A Day in Venice

We headed to St Mark’s Square after breaking for lunch post our self guided tour down the Grand Canal. This is the only part of Venice I remember from my previous trip some 25 year prior with my parents, sister, and friend Damon. My parents had turned us loose at around 19 years of age and I think we hit various bars along St Mark’s and were shocked at the bill. I remember my sister meeting a boy who either shimmed up or down the drain spout (or both) of our hotel to come calling on her in the night. I remember being so thirsty from drinking that I grabbed an open soda can near the bedside stand and guzzled the contents only to soon realize a cigarette butt had been put out in it. I can remember visiting the bathroom in the hotel and at the airport the next morning repeatedly as I got sick from over-imbibing. And I can remember my father asking me at the airport if I’d like a nice tall glass of water as I sat green faced against a wall. I thought to myself, my father’s being awfully nice to me considering I went out drinking last night. He returned with a tall glass. I raised it to my mouth and could smell it wasn’t water but vodka. The smell sent me immediately running for the restroom where I got sick again.

So it was great to be seeing St. Mark’s again as a parent with my family. We went into St. Mark’s Basilica and were awe struck at the golden hued mosaics. We weren’t allowed to take pictures in St. Mark’s so I don’t have many images to share. However, I did pay extra to go behind the altar and see the Pala d’Oro (Golden Altarpiece) so felt I was entitled. With 15 large rubies, 300 emeralds, 1500 pearls, and other precious stones (all stolen as plunder in 1204) it was worth a tongue lashing from the guards, but I didn’t get caught.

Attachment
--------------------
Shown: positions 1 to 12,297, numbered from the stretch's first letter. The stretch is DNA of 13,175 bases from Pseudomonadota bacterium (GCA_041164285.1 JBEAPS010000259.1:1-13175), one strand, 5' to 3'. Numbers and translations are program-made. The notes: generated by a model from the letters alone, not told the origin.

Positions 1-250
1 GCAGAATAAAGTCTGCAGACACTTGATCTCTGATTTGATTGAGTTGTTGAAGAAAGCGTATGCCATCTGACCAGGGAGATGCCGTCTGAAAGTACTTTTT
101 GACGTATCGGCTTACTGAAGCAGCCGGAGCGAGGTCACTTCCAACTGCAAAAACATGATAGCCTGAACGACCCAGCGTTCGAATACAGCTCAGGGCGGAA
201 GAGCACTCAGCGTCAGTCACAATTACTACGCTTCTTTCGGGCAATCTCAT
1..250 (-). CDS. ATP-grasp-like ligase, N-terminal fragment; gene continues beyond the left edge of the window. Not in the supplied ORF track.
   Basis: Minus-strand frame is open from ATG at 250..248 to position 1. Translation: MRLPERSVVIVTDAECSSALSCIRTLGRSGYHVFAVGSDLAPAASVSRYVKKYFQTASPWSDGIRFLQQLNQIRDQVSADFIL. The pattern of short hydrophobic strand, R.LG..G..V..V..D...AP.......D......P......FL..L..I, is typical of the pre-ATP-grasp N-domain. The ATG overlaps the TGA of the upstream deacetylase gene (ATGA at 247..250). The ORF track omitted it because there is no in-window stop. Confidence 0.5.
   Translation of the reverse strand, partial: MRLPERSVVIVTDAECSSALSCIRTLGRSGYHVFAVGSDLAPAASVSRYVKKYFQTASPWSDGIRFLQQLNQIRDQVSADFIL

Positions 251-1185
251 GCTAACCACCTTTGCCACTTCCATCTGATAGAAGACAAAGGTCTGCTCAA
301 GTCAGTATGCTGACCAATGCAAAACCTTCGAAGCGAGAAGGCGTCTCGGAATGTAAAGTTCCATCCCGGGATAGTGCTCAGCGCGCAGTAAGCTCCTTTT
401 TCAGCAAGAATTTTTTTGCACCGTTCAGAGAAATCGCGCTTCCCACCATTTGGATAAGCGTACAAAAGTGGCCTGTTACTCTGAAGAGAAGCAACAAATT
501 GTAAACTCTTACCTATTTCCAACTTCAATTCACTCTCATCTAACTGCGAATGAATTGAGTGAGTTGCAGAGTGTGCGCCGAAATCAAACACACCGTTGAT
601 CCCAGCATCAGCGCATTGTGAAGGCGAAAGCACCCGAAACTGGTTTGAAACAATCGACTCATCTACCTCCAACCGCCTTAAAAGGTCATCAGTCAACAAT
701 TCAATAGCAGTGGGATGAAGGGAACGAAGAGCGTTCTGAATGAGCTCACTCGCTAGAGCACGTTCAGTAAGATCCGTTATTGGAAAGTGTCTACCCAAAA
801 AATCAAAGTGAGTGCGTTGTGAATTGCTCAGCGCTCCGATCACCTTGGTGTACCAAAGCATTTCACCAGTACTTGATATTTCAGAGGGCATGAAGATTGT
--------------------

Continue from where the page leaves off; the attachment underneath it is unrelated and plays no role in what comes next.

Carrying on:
We then ascended the staircase to the museum so we could see the La Quardriga (Bronze Horses) as well as a view of St. Mark’s Square. Again, pictures were not to be taken except outside. These horses are not the originals (they are inside the musuem and off limits for pictures) which date from 175 BC. 

Strolling past St. Mark’s and the Doge’s palace we passed by the Bridge of Sighs (named that by poet Lord Byron in the 1800s). This bridge connected the Doge’s Palace with the prison across the canal and was the route many a rightfully and wrongfully convicted man would travel to pass their sentence.

From here we wandered back streets and bridges off the beaten path towards our hotel (only getting lost a few times).

On our way back we found a restaurant we wanted to return to later that night for dinner. After a rest and change of clothes we strolled more back streets and stores for last minute gifts. We came across this funny sign and icon denoting a public toilet.

We then enjoyed one of the best meals of our trip at a quaint little hidden away seafood restaurant named Osteria L’Orto Dei Mori. It was a perfect way to end a few perfect days in Venice with far more memories made than my previous trip.

Aperol Spritz

Prawns and Pumpkin w/salad

Gnocchi w/Sordfish in a broccoli and leek sauce

Ravioli stuffed w/smoked riccotta and zuchini

Crepes w/prawns in spinach sauce

Ice cream w/pistachio, caramel sauce w/hazelnuts

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A Trip Down the Grand Canal